The federal government is poised to enact a policy that will require incoming travelers from overseas to show proof of a negative coronavirus test before entering the United States.
The Centers for Disease Control and Prevention is expected to announce the new policy on Tuesday, the Wall Street Journal reported, and it would go into effect on Jan. 26. The mandate on international arrivals would be a part of the federal government’s efforts to fend off the surge in infections of highly transmissible coronavirus mutations originating in the United Kingdom and South Africa.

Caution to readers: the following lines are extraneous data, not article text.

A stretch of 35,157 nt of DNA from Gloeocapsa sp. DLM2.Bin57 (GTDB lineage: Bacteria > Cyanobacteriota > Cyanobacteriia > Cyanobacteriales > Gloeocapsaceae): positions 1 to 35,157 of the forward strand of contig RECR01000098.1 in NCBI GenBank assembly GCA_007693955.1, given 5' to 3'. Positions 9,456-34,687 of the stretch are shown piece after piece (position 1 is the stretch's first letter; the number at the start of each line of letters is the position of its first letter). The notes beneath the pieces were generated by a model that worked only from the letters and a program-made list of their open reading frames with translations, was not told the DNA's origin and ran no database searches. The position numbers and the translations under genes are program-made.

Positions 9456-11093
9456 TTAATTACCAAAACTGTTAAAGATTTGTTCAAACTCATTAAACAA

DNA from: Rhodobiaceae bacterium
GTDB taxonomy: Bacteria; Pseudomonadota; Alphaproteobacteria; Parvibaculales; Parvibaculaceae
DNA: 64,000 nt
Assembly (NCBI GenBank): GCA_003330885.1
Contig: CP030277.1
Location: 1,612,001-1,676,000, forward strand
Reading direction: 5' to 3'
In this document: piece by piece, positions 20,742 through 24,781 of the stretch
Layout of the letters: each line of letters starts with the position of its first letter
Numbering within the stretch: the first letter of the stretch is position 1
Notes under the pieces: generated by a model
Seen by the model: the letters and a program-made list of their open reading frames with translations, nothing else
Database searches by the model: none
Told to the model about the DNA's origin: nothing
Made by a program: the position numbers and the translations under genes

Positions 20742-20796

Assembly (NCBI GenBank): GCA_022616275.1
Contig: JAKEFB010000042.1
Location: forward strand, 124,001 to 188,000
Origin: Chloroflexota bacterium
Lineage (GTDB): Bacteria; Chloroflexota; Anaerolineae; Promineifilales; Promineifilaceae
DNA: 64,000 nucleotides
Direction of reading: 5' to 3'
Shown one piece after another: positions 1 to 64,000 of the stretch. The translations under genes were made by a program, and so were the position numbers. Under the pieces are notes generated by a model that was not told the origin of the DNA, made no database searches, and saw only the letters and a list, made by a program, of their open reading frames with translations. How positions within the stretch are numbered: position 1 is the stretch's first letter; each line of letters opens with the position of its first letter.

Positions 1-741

The draft policy has strong support from the airline industry, which was crippled by pandemic-related restrictions enacted last year to curb further transmission of the virus. Airline trade group Airlines for America has backed the proposal as a smarter alternative to blanket travel bans on several European countries and the U.K. The trade group includes the largest global airlines, including American Airlines, Delta Air Lines, and United Airlines.
“These entry restrictions should be removed concurrently with the testing program, which will provide yet another layer of safety in the travel journey,” Airlines for America President and CEO Nicholas Calio said in a letter to Vice President Mike Pence earlier this month.